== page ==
As the Visual Studio family of products (Visual Studio, TFS, Test Professional) nears its 2012 release, I thought I’d bring some short hits – tidbits, if you will – to my blog. Some of these are pretty obvious (well-documented, or much-discussed), but some may be less obvious than you’d think. Either way, it’s always good to make sure the word is getting out there. Hope you enjoy!
One of the “new” new features of TFS 2012 is the addition of the Microsoft Feedback Client for collecting feedback from stakeholders, end users, etc. This tool integrates with TFS to provide a mechanism to engage those stakeholders and more seamlessly include their insights in the lifecycle.
Several of my customers however, perhaps with brains overloaded with the possibilities of this capability, have asked me, “So when exactly do I use this? When do I request feedback?”
Well, the answer, as it often times is, is “it depends.”
First, if you aren’t aware of the two ways to use the Microsoft Feedback Client, check out (shameless plug) my previous post covering this.
The more I play around with this tool and talk about it with customers, the more scenarios I find in which this new 2012 capability adds value.
Now back to that “it depends” answer.. The key thing to remember for using the feedback capability is that there is no hard and fast rule for when you should use it. But here are three main scenarios:
From MSDN, “Planning and Tracking Projects”:
What other scenarios can you think of where you could leverage the new feedback capabilities in VS 2012?
One of the “new” new features of TFS 2012 is the addition of the Microsoft Feedback Client (download) for collecting feedback from stakeholders, end users, etc. This tool integrates with TFS to provide a mechanism to engage those stakeholders and more seamlessly include their insights in the lifecycle.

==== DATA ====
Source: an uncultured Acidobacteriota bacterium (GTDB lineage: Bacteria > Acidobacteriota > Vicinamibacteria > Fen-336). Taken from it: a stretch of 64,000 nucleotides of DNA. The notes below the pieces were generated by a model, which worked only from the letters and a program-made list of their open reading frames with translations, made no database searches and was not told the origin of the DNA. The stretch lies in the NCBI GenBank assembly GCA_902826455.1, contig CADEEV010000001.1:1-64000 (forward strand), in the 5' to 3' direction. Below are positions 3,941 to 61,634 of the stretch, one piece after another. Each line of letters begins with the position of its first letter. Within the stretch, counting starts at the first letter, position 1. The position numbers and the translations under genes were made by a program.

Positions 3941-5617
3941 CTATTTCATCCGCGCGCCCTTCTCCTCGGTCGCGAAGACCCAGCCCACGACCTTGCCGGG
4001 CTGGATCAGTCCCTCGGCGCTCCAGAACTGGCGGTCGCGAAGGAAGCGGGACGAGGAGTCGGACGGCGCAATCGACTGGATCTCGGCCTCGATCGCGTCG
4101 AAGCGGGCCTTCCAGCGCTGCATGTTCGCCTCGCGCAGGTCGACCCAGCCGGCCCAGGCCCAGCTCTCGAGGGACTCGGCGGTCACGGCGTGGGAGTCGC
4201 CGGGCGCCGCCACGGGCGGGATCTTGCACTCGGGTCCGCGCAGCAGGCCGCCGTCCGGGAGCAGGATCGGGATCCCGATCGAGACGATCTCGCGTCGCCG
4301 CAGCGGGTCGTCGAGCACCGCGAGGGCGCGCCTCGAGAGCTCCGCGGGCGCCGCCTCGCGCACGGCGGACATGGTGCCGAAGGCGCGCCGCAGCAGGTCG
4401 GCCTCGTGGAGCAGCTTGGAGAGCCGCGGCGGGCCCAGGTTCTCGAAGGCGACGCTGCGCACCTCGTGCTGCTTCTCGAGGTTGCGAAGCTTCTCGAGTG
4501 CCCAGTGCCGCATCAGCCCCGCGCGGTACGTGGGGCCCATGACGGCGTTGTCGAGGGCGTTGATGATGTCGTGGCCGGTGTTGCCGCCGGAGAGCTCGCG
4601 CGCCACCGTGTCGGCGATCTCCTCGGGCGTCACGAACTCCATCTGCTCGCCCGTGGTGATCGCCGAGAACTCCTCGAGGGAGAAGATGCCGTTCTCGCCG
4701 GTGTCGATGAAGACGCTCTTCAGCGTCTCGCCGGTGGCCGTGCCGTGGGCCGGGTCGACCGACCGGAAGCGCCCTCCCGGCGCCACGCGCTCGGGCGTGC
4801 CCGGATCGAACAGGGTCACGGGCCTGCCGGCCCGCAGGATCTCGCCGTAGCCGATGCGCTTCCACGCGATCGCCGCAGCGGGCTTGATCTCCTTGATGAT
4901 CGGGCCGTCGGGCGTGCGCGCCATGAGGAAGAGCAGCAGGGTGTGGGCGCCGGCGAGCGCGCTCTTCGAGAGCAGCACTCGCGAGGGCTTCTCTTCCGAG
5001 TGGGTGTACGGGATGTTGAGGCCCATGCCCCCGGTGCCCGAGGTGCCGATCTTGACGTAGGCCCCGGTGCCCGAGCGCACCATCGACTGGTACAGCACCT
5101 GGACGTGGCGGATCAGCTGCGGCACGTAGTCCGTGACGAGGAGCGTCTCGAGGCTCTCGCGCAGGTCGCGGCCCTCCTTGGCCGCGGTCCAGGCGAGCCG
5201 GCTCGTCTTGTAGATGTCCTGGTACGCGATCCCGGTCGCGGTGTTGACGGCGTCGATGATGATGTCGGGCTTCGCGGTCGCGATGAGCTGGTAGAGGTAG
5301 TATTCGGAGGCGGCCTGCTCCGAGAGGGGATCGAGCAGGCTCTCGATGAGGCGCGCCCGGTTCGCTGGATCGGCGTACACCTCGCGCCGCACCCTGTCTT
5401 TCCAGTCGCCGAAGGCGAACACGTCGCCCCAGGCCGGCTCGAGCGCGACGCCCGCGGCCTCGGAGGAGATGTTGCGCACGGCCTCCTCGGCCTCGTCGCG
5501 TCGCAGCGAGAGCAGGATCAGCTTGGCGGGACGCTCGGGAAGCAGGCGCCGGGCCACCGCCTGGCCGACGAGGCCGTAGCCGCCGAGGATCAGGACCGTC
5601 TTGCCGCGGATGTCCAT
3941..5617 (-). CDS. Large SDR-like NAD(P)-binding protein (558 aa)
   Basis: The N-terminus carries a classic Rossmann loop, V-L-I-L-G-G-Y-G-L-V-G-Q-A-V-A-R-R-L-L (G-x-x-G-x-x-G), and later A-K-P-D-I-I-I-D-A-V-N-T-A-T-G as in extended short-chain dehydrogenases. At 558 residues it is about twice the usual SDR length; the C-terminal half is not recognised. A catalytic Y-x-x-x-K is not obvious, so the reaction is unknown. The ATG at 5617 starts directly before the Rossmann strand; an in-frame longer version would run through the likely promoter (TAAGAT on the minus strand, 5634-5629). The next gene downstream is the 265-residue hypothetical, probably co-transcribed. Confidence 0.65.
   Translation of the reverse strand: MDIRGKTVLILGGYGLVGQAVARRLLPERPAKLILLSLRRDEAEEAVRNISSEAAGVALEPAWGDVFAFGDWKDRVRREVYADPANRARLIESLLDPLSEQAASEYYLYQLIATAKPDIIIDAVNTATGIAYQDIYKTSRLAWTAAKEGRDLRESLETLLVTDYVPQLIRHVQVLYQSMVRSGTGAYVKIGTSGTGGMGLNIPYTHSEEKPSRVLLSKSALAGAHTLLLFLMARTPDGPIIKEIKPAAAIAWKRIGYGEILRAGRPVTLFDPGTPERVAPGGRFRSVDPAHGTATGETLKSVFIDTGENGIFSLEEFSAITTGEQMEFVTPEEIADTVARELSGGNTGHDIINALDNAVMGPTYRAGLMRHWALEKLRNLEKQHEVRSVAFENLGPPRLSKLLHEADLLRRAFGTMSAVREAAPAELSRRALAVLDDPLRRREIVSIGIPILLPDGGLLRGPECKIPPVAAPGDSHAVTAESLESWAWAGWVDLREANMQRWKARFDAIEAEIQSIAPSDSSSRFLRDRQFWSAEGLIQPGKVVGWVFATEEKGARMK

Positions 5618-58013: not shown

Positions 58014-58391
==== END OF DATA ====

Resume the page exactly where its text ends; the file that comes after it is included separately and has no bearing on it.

It’s important to know that this new tool provides a mechanism for collecting feedback in two distinct manners, voluntary and requested. The rest of this post will walk through each of these “modes”.
Regardless of the mode used to provide feedback, this feedback gets stored in TFS as a work item (of type Feedback Response) which then gets all the benefits of being a work item (auditing, assignment, linking, reporting, etc.). As you can imagine, this is a much more effective way of tracking feedback than email, lists, and forms. We’ll talk about that (plus licensing) toward the end of this post.
This mode is used naturally by a stakeholder (I’m using the term “stakeholder” to mean anyone that may want to have a say in how a product evolves) to provide unsolicited feedback about a product or application. This means that if a stakeholder is using an application and thinks of an idea to improve it (or maybe even to report a problem), they can fire up the Feedback Client and include annotated screenshots, record video or audio, and notes.
In this screenshot, I provide “voluntary” feedback that I should be more prominently featured on Bing. Yes, I’m that way.. ;)